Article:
Bankruptcy regulation

Bankruptcy regulation may significantly affect innovative businesses by shaping the perceived risk of innovating and the conditions for access to finance. Evidence shows that countries with poorer investor protections tend to have smaller and narrower capital markets, which may make access to finance more difficult. Public policy can support innovative businesses by achieving the right balance in bankruptcy legislation to fit both firms’ and creditors’ interests. An efficient judicial system is also important to ensure that the targets of bankruptcy law are met (e.g. by assuring timely and predictable sentences on fraudulent bankruptcy cases).

What are bankruptcy regulations?
Definition
Bankruptcy regulations can be broadly defined as the full set of norms and regulations that govern individual and corporate distress, administration, insolvency and liquidation.
Well-designed bankruptcy legislation should meet a number of different, and sometimes divergent, objectives:
 
  • preserving firms’ repayment incentives
  • protecting creditor rights
  • maximizing the total value of the recovered debt
  • balancing conflicting stakeholders’ interests
  • encouraging entrepreneurship and risk taking
  • discouraging premature liquidation of sustainable businesses but at the same time not allowing unproductive companies to remain permanently on the market
  • solving bankruptcy and insolvency cases in inexpensive, timely and predictable ways.
 
Differences across economies
Bankruptcy laws are complex, and significant differences exist across national legislations.
 
  • In the treatment of personal bankruptcy, countries differ in terms of discharge, in the extent to which assets owned by the debtor at the beginning of the bankruptcy procedure might be withheld from creditors, in disabilities (i.e. restrictions on the debtor’s civil and economic rights during bankruptcy), and composition (i.e. the achievement of a discharge by agreement with creditors).
  • In corporate bankruptcy, countries differ in the amount of restrictions on a debtor who wants to file for reorganisation. They also differ in the extent to which secured creditors are able to seize collateral after a reorganisation petition is approved (due to procedures of "automatic stay", i.e. injunctions that halt actions by creditors or "asset freezes").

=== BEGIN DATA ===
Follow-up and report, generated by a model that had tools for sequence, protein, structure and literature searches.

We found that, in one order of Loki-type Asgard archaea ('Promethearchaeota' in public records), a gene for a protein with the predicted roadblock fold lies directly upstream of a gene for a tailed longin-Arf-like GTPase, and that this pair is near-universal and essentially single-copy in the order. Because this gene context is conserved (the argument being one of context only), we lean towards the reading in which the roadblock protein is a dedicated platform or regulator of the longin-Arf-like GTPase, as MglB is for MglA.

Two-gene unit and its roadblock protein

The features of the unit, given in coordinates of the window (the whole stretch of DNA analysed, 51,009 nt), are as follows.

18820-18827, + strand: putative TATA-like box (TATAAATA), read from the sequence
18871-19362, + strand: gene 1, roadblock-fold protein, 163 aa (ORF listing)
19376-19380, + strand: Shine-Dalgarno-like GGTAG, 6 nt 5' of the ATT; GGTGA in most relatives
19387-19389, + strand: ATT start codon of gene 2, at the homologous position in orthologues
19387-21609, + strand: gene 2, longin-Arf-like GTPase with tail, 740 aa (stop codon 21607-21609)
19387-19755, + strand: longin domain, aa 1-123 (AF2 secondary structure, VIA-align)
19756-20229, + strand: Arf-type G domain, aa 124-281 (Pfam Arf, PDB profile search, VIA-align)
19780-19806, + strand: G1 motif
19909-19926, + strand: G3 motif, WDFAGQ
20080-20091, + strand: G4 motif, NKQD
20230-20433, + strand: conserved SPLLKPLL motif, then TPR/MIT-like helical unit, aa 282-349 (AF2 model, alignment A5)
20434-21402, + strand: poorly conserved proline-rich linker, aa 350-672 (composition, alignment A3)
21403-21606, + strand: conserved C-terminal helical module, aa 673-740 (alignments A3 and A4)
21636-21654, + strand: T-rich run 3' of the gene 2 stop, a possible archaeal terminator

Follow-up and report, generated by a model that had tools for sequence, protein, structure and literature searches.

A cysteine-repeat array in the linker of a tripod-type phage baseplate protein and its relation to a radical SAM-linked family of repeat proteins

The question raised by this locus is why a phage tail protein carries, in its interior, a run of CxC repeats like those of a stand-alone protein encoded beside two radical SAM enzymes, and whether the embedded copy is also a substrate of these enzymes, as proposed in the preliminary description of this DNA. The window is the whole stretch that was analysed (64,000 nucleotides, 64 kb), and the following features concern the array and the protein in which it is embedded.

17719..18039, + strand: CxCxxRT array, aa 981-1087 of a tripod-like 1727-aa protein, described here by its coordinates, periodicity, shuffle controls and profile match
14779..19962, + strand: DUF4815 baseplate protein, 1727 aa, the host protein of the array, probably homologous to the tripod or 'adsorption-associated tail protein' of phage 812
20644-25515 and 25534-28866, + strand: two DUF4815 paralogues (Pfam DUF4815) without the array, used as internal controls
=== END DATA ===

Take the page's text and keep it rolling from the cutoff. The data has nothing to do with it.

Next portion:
The recent international financial crisis generated a sharp increase in the number of bankruptcy or insolvency cases and highlighted the need for reforms in the field. Since the onset of the crisis in late 2008, no fewer than 65 economies have amended their bankruptcy legislation (World Bank, 2012).
 
How do bankruptcy regulations affect innovative firms?
Effects on capital markets
More lenient bankruptcy regulations may reduce self-selection, leading to lower quality projects, increased expenses, and ethical dilemmas. The risk can be only partially addressed with additional screening and monitoring, since such activity is costly and information is asymmetric. As a consequence, access to credit might be more difficult and costly (Armour and Cumming, 2008; Stiglitz and Weiss, 1981). A lax bankruptcy regime is therefore likely to increase the cost of raising external finance to fund innovative projects or will increase the cost of new investments.
 
At the same time, La Porta et al. (1997) find that countries with poorer investor protections have smaller and narrower capital markets. Rodano, Serrano-Velarde and Tarantino (2012) study two bankruptcy reforms in Italy, finding that the introduction of a reorganization procedure increased the interest rates on loan financing for firms by up to 0.2 percentage points (thus more punitive repayment incentives outweigh efficiency gains), while the reform that accelerated liquidation procedures decreased the cost of finance and relaxed credit constraints. Bravo-Biosca, Criscuolo and Menon (2012) find that in sectors that are highly dependent on external finance, stronger creditor rights are associated with a more dispersed growth distribution, with a higher number of growing and shrinking firms, and a lower number of stable firms.
 
What are specific impacts of bankruptcy regulation on innovative entrepreneurship?
Bankruptcy legislation may affect innovative entrepreneurship directly, through the perceived risk of being an entrepreneur, or indirectly, through the credit market. The two mechanisms may have opposite effects: pro-creditor legislation, for instance, generally increases the perception of risk and lowers the cost of credit.

 

Effect on entrepreneurship rates
Regimes that severely penalise “failed” entrepreneurs, whether by forcing liquidation or limiting entrepreneurs’ ability to start new businesses in the future, are likely to reduce their willingness to take risks.
 
Strict regimes may also discourage individuals from leaving salaried jobs to set up their own business, especially when legislation contains severe personal liabilities, and limitations on civic and economic rights following a bankruptcy. In addition, entrepreneurs may suffer from psychological and social costs (such as stigma) when filing for bankruptcy (Shepherd, 2003).
 
Therefore, strict (pro-creditor) bankruptcy legislation may have a direct negative effect on entrepreneurship. To the extent that innovative ventures are riskier than traditional businesses, pro-creditor bankruptcy regimes may disproportionately discourage the former, thus shifting the economy toward a more conservative growth path.